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Torn Light Records and the Esquire Theatre present the 1st Annual Cincinnati Psychotronic Film Festival! Succumb to your suspension of disbelief and join us for three days of uniquely stylish films, curated by the minds at Torn Light Records. Martial arts, space opera, Rudy Ray Moore, action, John Waters, supernatural horror, Michelle Yeoh, Big Foot and even David Hasselhoff – choose your passion from the films below or snag a film festival pass, so you can see them all!











(1987, R)




The year is 1987. Motorcycle ninjas tighten their grip on Florida's narcotics trade, viciously annihilating anyone who dares move in on their turf. Multi-national martial arts rock band Dragon Sound have had enough, and embark on a roundhouse wreck-wave of crime-crushing justice. When not chasing beach bunnies or performing their hit song "Against the Ninja," Mark (taekwondo master/inspirational speaker Y.K. Kim) and the boys are kicking and chopping at the drug world's smelliest underbelly. It'll take every ounce of their blood and courage, but Dragon Sound can't stop until they've completely destroyed the dealers, the drunk bikers, the kill-crazy ninjas, the middle-aged thugs, the "stupid cocaine"...and the entire MIAMI CONNECTION!!!


(1993, R)





The supernova star power of Hong Kong cinema icons Maggie Cheung, Michelle Yeoh, and Anita Mui propels this gloriously unrestrained action extravaganza from genre maestro Johnnie To, which injects its martial-arts mayhem with a blast of comic-book lunacy. They are the knife-throwing, shotgun-toting, kung-fu-fighting super-heroines who must overcome their dark pasts in order to defeat an evil, baby-snatching eunuch who is terrorizing Hong Kong. Eye-popping motorcycle stunts, brain-exploding skeletons, infant cannibals, and kinetically choreographed wire work are all part of the delirium in this unstoppably entertaining cult favorite (referenced in Cheung’s international breakthrough Irma Vep), a showcase for three of the coolest women warriors to ever hit the screen.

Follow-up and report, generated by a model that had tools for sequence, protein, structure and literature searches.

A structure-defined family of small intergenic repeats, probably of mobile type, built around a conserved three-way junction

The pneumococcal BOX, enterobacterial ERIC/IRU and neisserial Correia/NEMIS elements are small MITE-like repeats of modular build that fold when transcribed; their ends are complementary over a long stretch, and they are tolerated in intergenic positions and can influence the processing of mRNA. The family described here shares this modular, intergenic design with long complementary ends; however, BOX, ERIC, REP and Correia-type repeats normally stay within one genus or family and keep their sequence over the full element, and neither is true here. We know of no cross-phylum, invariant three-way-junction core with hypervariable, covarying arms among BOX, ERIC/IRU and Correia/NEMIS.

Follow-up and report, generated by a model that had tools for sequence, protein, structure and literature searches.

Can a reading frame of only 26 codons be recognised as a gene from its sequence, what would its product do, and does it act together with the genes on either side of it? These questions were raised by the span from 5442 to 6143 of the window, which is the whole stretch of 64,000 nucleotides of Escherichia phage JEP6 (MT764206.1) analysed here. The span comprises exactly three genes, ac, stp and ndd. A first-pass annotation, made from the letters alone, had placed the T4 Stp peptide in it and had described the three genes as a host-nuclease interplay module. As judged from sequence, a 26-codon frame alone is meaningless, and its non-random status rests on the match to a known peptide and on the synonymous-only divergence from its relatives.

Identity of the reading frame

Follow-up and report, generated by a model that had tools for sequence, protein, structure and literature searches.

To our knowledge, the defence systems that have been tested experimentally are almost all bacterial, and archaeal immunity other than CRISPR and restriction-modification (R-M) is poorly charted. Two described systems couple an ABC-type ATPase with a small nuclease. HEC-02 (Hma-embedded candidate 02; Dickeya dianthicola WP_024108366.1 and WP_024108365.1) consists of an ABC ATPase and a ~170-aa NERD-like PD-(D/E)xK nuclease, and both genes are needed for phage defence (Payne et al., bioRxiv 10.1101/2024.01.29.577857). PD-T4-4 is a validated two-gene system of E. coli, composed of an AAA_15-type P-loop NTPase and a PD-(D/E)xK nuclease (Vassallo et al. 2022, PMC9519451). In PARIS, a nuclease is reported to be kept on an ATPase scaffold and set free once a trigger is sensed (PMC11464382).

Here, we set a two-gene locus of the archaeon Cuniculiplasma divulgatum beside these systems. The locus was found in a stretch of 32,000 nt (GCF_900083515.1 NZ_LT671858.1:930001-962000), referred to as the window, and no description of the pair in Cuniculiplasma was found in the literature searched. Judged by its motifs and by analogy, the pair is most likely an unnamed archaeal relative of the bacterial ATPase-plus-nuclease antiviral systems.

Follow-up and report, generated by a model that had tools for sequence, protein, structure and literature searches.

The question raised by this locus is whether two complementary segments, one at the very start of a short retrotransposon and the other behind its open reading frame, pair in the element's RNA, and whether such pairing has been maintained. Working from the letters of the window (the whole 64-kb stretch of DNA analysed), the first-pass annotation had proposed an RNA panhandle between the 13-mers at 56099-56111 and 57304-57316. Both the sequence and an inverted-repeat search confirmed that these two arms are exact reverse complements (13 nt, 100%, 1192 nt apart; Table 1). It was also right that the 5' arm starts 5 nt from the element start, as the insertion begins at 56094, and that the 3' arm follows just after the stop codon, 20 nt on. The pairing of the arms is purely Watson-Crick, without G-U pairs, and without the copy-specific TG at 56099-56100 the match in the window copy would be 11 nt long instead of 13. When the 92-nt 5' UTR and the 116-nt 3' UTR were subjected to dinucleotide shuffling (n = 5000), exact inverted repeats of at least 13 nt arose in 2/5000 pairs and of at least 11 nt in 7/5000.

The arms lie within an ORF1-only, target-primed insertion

(1989, NOT RATED)





Lately, Ben hasn't been sleeping well. His dreams are filled with violent and terrifying visions of monsters and death. Seeking out answers, he begins to pursue the subtext and hidden meanings of his strange and terrifying nightmares, with the help of his professor and several friends. As the dreams grow increasingly lifelike, Ben fears that he's losing his grip on sanity, especially as those around him start turning up dead; horribly mutilated just like he's seen in his sleep...

A low-on-budget but extremely high on ambition apocalyptic horror film, and the first feature written and directed by jack-of-all-trades filmmaker, Jay Woelfel, the Ohio lensed BEYOND DREAM’S DOOR skillfully blends elements of surrealism, mystery, and grotesque and violent horror set-pieces, resulting in a wholly singular vision.


(1980, Not Rated)